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Fermilab's NOvA Experiment Shows Strong Evidence On How Neutrinos Behave

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An experiment at the U.S. Department of Energy’s Fermilab has shown strong evidence of neutrino’s behavior. Neutrinos make up the basic components of the universe, but it cannot be detected by the naked eye.  ( Fermilab | U.S. Department of Energy )

After more than three years of experiments, physicists at the Fermi National Accelerator Laboratory successfully find a strong evidence of how neutrinos behave.

Results of the study were presented in the 2018 International Conference on Neutrino Physics and Astrophysics in Heidelberg, Germany, where scientists demonstrated how neutrinos oscillate with each other within a distance of 500 miles (approximately 805 kilometers).

Evidence from the NOvA experiment has shown that muon antineutrinos oscillated into electron antineutrinos over long distances — a phenomenon which is not observed in previous experiments.

"Antineutrinos are more difficult to make than neutrinos, and they are less likely to interact in our detector," said NOvA co-spokesperson Peter Shanahan. "This first data set is a fraction of our goal, but the number of oscillation events we see is far greater than we would expect if antineutrinos didn't oscillate from muon type to electron."

What Are Neutrinos?

The U.S. Department of Energy's Fermilab houses the world's longest-baseline neutrino experiment. Great interest from science experts is dedicated to the study of neutrinos.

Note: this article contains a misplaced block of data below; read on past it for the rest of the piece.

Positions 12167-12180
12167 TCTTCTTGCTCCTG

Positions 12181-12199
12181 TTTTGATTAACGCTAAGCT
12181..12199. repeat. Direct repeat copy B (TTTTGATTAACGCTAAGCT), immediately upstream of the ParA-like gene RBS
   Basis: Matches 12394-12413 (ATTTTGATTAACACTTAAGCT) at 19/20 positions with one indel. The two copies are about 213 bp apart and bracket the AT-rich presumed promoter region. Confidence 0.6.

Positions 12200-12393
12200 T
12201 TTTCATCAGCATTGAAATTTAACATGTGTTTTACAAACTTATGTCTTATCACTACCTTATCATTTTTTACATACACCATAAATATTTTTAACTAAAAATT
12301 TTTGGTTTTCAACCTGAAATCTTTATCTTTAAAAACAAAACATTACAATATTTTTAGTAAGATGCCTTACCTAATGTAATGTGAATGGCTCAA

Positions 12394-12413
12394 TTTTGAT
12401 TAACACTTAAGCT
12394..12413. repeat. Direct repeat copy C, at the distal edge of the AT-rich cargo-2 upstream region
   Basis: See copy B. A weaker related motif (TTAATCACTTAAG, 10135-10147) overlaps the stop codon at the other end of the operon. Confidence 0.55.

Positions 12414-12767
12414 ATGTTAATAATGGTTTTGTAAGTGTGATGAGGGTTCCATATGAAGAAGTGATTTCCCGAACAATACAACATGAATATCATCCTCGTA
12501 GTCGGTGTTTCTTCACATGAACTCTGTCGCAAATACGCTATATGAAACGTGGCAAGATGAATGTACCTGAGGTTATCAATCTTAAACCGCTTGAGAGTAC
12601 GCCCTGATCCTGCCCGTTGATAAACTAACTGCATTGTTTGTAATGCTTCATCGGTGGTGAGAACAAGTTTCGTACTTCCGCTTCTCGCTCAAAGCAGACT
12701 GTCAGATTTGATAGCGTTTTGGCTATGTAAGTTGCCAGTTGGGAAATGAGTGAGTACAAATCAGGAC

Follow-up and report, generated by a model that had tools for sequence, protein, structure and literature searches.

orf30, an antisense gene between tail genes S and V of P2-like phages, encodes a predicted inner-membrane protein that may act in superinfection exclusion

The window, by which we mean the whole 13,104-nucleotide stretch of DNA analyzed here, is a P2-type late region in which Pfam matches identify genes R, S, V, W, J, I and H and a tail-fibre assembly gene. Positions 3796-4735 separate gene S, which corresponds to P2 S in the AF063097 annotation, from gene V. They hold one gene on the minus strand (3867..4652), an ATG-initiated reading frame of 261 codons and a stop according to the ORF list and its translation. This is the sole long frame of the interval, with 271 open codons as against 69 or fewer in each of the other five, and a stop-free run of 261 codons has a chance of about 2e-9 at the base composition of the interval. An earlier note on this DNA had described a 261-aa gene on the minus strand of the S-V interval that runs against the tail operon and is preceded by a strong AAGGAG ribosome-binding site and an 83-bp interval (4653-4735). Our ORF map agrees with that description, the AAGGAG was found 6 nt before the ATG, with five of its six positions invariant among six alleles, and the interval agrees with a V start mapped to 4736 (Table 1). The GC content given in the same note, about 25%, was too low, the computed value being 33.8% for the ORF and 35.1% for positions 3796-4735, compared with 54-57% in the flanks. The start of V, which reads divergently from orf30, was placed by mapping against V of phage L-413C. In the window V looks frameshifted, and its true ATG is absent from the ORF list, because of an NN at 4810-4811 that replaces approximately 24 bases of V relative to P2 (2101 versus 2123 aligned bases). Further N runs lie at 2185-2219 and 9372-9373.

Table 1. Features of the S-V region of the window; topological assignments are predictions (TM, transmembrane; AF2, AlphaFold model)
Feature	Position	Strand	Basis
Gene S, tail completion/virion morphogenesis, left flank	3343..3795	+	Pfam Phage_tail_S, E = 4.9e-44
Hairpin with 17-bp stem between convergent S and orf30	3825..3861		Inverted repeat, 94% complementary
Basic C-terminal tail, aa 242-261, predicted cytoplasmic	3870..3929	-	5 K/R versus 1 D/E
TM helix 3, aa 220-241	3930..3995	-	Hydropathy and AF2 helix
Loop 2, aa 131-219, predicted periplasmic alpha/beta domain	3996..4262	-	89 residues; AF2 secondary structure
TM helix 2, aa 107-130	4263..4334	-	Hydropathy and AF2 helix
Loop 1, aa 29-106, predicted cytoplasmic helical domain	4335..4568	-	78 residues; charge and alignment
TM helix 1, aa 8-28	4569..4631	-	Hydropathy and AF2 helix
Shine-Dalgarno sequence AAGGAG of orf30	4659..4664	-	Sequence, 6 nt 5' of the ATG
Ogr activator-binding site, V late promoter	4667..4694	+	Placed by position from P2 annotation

Neutrinos are among the basic components of the universe, but it does not comprise any particular matter. Scientists believe that a trillion neutrinos pass through from the sun, although it is not visible in the naked eye.

Neutrinos are similar to electrons except that the former does not have an electric charge. Since neutrinos are not charged, it can pass through any matter without detection, according to John Beacom, a neutrino expert and a professor of physics and astronomy in Ohio State University.

Discoveries Of Neutrinos

In 2001 and 2002, scientists at the Sudbury Neutrino Observatory in Canada revealed that there is strong indication that electron neutrinos found in the core of the sun can change flavors. These flavors happen when neutrinos disappear and then reappear as another type.

These findings support the 1998 Super-Kamiokande experiment in Japan saying that neutrinos found on Earth's atmosphere changed to another type. Today, those flavors are referred to as muon and tauon neutrinos.

"Neutrinos are real. They're an essential part of physics, shedding light on the origin of mass, the particle-antiparticle asymmetry of the universe, and perhaps the existence of new forces that are too feeble to test with other particles," said Beacom.

Experts at NovA said the latest results provide them an improvement in their method of analysis, which hopefully can lead to a more precise measurement of neutrinosIt has been observed that neutrinos have mass, although data is not enough to measure the relative mass of its three types namely muon, electron, and tau.

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